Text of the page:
For your eye’s only

“Celebs in nude photo scandal’ make it to the top of our news feed today and who’s clicking on the link. I have to say for 1 ‘not me’.
I’m sure Jennifer Lawrence has a lovely figure but I don’t need to see it and the photos were never intended for the public, they are privatephotos stored on a private cloud account. The only reason why the likes of you and I are aware of them is because someone stole them! Yes, stole, ‘to take without permission or right, especially secretly or by force’. It took for someone to hack into her and the accounts of others and copy and exploit their private images online for all to see and continue to use what they have to blackmail others this is a criminal act.
I was pretty shocked and disappointed seeing comments made on social media about the images and requests for links to the images, if you really need to see it there are sites already available with similar content by consenting adults rather than exploiting someone who hasn’t. Celebs may be famous and making a living by providing the world with entertainment but what they do in their own time in their own homes is private, and everyone is entitled to their own privacy. In general we have all been brought up to respect others, to use a level of discretion and these values should be remembered, and simply by not clicking on that link begins to remove and sense of credibility the hacker would feel from performing such a deed.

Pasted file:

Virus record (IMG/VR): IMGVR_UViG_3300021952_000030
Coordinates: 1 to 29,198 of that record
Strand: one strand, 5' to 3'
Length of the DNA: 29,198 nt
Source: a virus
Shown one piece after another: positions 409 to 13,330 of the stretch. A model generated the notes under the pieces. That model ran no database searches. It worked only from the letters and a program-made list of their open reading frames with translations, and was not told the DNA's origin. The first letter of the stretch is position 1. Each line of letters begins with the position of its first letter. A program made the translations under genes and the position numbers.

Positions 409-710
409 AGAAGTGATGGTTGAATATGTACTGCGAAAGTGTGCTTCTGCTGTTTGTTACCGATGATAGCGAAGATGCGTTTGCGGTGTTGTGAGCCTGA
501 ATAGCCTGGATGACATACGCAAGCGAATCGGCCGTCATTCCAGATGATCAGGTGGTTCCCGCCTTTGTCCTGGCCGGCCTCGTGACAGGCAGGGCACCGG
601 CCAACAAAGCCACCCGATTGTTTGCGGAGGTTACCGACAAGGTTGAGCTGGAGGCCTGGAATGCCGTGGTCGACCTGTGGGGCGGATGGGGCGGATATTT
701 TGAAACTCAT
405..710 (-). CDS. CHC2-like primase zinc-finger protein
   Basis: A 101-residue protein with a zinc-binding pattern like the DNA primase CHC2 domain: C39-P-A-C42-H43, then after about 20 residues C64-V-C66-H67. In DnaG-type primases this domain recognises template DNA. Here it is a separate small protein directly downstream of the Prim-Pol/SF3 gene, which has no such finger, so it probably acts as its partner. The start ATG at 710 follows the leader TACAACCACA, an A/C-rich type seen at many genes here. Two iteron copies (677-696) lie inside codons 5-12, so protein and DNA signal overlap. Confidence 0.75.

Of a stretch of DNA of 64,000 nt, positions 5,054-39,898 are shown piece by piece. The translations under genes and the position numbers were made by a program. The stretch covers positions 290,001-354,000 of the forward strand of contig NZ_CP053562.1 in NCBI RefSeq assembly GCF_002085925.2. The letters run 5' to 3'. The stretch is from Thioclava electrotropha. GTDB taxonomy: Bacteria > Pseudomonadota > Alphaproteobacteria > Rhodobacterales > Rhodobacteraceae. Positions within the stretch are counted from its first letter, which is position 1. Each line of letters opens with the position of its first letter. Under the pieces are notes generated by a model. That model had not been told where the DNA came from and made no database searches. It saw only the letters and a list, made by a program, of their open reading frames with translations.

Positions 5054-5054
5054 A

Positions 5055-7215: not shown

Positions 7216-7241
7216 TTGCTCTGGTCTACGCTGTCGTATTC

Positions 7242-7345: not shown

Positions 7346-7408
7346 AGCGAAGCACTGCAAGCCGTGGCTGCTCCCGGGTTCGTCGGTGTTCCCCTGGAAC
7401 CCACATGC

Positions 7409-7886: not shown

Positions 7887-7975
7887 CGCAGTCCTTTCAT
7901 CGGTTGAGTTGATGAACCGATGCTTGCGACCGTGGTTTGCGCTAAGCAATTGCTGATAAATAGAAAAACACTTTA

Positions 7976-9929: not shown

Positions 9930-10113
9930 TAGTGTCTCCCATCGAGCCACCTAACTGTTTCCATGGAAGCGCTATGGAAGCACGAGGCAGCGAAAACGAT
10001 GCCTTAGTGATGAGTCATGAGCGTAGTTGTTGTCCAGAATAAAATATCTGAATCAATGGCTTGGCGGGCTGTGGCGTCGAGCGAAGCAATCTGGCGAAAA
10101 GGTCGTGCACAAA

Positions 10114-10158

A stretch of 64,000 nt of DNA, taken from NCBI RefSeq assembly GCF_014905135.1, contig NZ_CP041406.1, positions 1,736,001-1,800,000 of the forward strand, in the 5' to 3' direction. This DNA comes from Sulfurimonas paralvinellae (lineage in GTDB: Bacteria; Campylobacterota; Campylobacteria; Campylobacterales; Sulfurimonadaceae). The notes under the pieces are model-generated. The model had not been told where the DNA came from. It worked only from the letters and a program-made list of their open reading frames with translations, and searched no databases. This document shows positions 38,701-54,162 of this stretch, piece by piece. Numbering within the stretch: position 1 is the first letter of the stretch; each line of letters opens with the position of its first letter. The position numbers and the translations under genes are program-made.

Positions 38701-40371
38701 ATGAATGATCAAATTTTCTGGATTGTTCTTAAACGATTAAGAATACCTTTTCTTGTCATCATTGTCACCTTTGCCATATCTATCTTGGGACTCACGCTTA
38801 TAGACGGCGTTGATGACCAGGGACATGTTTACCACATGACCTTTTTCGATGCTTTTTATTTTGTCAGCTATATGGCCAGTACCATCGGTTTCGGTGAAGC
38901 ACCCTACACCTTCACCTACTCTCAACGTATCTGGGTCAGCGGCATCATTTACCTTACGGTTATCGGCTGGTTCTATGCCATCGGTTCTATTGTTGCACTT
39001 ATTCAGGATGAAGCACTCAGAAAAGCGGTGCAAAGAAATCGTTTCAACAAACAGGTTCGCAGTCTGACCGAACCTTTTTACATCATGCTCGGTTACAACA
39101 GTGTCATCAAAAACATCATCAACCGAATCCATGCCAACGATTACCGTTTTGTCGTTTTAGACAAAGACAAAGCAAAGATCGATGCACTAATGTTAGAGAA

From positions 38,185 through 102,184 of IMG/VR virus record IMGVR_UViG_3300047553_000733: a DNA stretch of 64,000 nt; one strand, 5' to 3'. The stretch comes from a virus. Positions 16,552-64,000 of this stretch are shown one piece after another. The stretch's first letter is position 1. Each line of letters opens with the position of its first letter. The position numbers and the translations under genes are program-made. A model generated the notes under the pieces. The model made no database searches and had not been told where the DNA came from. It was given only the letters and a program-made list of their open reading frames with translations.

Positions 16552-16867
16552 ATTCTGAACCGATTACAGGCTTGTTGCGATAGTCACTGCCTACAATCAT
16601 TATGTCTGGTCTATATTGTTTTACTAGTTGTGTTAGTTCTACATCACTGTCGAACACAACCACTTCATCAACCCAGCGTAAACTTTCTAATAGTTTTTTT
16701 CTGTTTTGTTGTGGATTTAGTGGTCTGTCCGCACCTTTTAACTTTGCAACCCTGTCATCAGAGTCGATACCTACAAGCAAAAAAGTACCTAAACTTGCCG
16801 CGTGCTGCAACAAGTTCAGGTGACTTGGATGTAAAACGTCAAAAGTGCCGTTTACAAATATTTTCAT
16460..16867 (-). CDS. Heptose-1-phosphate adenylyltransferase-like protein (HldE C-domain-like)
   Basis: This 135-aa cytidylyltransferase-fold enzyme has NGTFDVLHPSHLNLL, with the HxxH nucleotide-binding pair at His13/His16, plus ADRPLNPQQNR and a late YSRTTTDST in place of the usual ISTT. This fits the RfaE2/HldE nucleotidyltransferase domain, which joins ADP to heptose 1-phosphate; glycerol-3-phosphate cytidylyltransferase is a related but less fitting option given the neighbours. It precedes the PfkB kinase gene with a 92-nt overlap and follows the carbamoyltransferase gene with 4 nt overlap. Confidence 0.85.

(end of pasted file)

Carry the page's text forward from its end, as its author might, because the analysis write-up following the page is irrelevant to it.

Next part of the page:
Although there has been no official comment of how the hack was made or specifically where the photos were taken from iCloud or Photostream (and likely we won’t hear about it either) I’m sure that this has raised many questions around the Apple offices this week.
The moral of that story is if you’re using a cloud based photo storing service maybe a little cautious of what you store, having an eternal hard drive works just as well, as for what Jen Law is up to, if this is really important to you maybe you need a hobby…
Sarah Taylor

*** This is a Security Bloggers Network syndicated blog from CQR authored by CQR. Read the original post at: